late talkers...?

  1. You have chosen to ignore posts from stefani2. Show stefani2's posts

    late talkers...?

    hi all - when did your toddlers start speaking?  our pedi says we should be concerned that DS (15mo) doesn't know any words.  but, we think it can't be that bad bc twin DD doesn't really either, so the chances of both having "serious" developmental or speech problems seems unlikely???  (maybe?)  i guess they each say "uh-oh", and DD tries to say other things but they all sound like "GAH" - and DD makes more like higher pitch coos.  not a lot of consonants from either of them.  we're working on sign and i don't know if this might make things worse.  i have researched some ways to encourage speaking and we'll work on it - but just wondering if anyone else is in the same boat?  should i be worried?  i think we're going to reassess whether we meet w/ a speech therapist at the 18mo appt, but i'd appreciate your experiences.  (btw in reference to my previous post, eliminating the am nap has done wonders for the pm mood!!!  :) :) :)  )
     
  2. You have chosen to ignore posts from medfordcc. Show medfordcc's posts

    Re: late talkers...?

    I am so glad the nap thing is working better!!

    I am wondering about the same thing, with expressive language.  I have read, though, that it's really more like 18 months to worry if they're not saying any words.
    I have also read that sign language doesn't make things worse, although I don't know where I read that.

    Our LO is 17 months and it was only in the last month there has been a big uptick in what she is trying to say/imitate.  I still have a hard time understanding her, though.  I guess she has "up", "down", "wow", "bird" that I'm positive about.  So many things sound the same, though... like I have a hard time distinguishing if she's saying "all done", or "I do", or "water" or something else.  A lot of things sound like "aahhh dooouu".  It's only very recently that I've really heard her "practicing" consonants, like in the car the same sound over and over.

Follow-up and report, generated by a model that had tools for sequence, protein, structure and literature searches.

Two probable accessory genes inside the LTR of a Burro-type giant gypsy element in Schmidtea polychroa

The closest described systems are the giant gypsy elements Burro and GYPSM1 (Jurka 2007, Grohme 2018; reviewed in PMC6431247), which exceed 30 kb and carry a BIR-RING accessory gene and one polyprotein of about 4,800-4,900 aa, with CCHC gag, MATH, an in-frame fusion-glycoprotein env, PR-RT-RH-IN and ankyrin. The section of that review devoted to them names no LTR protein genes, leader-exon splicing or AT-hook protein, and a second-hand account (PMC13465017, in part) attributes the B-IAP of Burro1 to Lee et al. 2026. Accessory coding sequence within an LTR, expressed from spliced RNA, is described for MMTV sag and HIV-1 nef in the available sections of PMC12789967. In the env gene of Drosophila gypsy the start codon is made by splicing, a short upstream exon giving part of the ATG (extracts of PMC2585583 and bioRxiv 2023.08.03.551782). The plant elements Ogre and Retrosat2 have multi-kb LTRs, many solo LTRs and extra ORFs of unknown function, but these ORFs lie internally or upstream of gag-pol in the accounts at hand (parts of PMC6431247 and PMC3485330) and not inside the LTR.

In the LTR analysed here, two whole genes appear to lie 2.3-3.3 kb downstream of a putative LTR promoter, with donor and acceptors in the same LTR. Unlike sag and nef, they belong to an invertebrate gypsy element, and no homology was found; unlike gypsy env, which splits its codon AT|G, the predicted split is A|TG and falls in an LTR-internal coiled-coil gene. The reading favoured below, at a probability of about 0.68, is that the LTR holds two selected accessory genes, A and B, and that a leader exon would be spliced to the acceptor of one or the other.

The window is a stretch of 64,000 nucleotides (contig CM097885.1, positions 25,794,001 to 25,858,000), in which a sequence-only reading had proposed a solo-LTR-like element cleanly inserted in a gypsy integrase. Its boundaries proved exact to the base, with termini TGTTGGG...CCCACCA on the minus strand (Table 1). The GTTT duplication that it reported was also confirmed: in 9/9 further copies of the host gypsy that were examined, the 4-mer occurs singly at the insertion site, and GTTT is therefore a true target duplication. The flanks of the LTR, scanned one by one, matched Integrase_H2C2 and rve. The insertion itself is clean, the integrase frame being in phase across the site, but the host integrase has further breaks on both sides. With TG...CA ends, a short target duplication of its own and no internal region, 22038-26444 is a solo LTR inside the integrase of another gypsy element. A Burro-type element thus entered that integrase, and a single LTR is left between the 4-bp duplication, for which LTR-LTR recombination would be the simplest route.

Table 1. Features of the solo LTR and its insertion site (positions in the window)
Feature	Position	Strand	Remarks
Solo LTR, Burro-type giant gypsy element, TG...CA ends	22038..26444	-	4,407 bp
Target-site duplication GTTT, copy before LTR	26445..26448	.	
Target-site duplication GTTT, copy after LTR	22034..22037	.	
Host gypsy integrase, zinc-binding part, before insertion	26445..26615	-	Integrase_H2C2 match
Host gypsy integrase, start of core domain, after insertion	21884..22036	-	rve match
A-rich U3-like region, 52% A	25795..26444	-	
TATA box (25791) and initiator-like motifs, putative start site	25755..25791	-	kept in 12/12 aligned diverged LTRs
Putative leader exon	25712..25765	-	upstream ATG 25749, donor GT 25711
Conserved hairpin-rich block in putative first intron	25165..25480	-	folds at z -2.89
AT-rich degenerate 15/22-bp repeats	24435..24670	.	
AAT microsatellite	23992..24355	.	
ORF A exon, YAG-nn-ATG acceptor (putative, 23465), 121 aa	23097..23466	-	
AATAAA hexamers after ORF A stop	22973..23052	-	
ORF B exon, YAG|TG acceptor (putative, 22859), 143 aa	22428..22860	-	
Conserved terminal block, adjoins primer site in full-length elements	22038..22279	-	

I think there are a few people on here who do have experience with this, so I'm interested to hear what they say!
     
  3. You have chosen to ignore posts from poppy609. Show poppy609's posts

    Re: late talkers...?

    Stefani - My DD is 15 months and she has maybe 5 words, some of which she doesn't use without reminders and some of which only we know what she's saying.  I've wondered if we should be concerned, but the other 15 month olds I know also aren't talking prolificly, so I would imagine it's ok...

    When you say your pedi said you "should be concerned", what did he/she mean exactly?  What did they say you should do?  Get an EI eval? 

    We have our visit in a couple of weeks and I can let you know what ours says.
     
  4. You have chosen to ignore posts from misslily. Show misslily's posts

    Re: late talkers...?

    I don't think there is any need to worry just yet.  I'm in a different category since my twins have moderate hearing loss, but I can tell you this.